“A community without a band, is a community without a soul”
Monday, Oct. 11, 2-3 p.m. (MST)
Imig Music Building, Chamber Hall, Room S102
(refreshments following in room S101)
Free and open to the public
As gentrification in California spreads across many working-class neighborhoods deemed by real estate as “up and coming” areas, this discussion highlights the social and cultural realities of migrant community-based brass bands from Oaxaca, Mexico. The presence of second generation Bandas Oaxaqueñas in Los Angeles, California exemplifies the diversity of Oaxaca’s ethnolinguistic communities and how musicians strive to maintain their ethnic identity and linguistic plurality within a bustling urban space.
This paper draws attention to two intergenerational Sierra Juárez Zapotec philharmonic brass bands, their systems of learning music, strategies for substainability in a transnational context and adaptability during the COVID-19 pandemic. In order to avoid unwanted attention and criminalization, forms of vernacular placemaking are vital in establishing safe spaces for mixed legal status musicians, such as privately-owned home garages and rented warehouses. Within these spaces, musicians create translingual forms of pedagogy between Zapotec, Spanish, and English. To maintain cultural flows of musical repertoires – indigenous composers on both sides of the U.S. and Mexico border circulate traditional and contemporary music pieces as a way to articulate their continued existence despite localized and national challenges.
Dr. Xóchitl C. Chávez is the first tenure track Chicanx assistant professor in the Department of Music at the University of California, Riverside. She is a scholar of expressive culture and performance, specializing in Indigenous communities from southern Mexico and transnational migration. Her current work focuses on second-generation Zapotec brass bands in Los Angeles, California, and transborder relationships with their communities of origin in Oaxaca, Mexico. Dr. Chávez's forthcoming book with Oxford University Press, The Guelaguetza: Performative Crossroads, Ethnicity, and Greater Oaxaca, documents the lived and performative movements of how Oaxacan communities in Los Angeles and Santa Cruz, California reproduce the annual La Guelaguetza festival, one of the most prominant indigenous celebrations of communal dances and musical forms.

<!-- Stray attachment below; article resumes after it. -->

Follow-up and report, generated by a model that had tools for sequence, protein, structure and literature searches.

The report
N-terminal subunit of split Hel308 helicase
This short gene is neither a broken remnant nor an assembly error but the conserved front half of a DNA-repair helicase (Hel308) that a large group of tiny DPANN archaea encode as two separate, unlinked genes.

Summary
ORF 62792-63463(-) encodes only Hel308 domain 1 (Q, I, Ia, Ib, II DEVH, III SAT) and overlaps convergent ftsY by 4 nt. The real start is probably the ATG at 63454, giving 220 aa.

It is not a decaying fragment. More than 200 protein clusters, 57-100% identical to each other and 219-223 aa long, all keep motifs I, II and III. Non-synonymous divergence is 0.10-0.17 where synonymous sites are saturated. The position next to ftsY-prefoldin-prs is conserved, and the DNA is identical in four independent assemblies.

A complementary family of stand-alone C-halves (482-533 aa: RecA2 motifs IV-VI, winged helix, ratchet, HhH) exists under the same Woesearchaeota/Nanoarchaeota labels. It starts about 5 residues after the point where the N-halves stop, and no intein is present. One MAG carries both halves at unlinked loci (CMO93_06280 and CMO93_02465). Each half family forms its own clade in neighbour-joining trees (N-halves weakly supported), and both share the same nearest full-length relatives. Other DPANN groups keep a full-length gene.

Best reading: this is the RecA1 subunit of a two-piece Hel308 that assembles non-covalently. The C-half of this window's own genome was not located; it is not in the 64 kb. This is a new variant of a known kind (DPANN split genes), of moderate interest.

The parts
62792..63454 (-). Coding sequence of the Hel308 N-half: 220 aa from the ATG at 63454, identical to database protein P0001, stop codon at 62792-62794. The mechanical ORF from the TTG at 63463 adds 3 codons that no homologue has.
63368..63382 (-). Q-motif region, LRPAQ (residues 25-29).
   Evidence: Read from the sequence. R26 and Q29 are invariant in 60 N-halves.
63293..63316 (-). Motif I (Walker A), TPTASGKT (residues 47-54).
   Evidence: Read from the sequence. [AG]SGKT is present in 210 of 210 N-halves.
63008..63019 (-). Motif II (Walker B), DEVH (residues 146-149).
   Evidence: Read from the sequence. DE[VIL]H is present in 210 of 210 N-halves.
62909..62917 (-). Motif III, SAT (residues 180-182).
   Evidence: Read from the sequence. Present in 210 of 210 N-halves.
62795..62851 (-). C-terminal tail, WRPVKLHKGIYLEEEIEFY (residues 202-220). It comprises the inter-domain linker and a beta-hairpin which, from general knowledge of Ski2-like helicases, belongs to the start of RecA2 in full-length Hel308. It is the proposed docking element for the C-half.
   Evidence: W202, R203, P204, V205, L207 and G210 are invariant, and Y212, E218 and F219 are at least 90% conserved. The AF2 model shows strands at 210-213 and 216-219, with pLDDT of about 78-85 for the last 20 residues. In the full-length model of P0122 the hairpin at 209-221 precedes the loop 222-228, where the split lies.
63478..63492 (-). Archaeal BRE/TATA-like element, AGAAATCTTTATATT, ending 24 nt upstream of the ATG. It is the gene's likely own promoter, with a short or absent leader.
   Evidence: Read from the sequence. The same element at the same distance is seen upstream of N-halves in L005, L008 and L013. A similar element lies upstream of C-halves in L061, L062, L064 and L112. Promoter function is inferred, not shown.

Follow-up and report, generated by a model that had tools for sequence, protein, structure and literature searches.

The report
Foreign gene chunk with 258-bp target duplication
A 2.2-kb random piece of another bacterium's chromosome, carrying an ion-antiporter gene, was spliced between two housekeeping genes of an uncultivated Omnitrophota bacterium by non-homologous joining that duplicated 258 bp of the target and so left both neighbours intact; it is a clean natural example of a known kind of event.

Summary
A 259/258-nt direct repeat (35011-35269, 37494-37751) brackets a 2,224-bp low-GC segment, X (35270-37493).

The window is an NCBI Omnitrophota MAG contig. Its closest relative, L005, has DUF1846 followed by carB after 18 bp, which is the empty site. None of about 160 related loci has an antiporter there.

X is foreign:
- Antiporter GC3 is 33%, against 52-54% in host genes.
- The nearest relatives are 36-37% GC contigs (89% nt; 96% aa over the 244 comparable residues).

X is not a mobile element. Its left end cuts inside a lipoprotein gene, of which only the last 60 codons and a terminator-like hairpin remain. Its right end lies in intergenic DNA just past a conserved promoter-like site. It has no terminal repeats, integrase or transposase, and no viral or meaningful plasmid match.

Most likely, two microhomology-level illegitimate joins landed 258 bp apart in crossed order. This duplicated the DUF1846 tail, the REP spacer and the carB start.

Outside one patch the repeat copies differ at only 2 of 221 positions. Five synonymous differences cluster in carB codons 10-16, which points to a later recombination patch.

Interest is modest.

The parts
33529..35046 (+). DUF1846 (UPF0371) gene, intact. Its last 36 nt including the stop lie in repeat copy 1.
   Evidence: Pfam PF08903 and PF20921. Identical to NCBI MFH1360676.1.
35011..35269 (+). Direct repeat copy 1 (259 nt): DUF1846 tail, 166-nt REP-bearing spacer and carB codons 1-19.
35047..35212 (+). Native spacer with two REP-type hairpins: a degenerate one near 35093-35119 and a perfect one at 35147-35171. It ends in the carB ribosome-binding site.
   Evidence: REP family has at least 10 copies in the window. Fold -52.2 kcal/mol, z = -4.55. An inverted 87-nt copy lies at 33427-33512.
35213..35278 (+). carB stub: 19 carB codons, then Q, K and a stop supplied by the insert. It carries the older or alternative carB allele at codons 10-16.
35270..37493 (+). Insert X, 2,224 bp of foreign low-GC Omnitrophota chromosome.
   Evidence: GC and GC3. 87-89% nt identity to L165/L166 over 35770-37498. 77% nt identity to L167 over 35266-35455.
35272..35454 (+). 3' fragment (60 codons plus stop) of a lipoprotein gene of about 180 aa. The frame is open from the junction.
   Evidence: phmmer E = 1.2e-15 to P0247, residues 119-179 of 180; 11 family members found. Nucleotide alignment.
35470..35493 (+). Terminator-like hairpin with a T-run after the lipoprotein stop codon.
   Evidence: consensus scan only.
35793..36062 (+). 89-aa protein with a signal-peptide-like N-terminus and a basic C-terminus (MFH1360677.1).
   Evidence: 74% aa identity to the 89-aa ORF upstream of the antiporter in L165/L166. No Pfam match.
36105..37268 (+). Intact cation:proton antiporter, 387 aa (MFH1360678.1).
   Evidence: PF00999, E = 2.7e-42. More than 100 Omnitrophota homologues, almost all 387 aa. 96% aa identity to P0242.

Dr. Xóchitl C. Chávez's work extends outside of the classroom. She has collaborated with the Smithsonian Institution in various capacities since 2010. This spring (2022), the Smithsonian Latino Center will open its first physical museum space on the National Mall dedicated to the U.S. Latino experience, history, and culture. Dr. Chávez is the Curatorial Advisor of Latino Digital Content for the inaugural Molina Family Latino Gallery at the National Museum of American History with a fully bilingual Spanish and English exhibit titled: "¡Presente! A Latino History of the United States."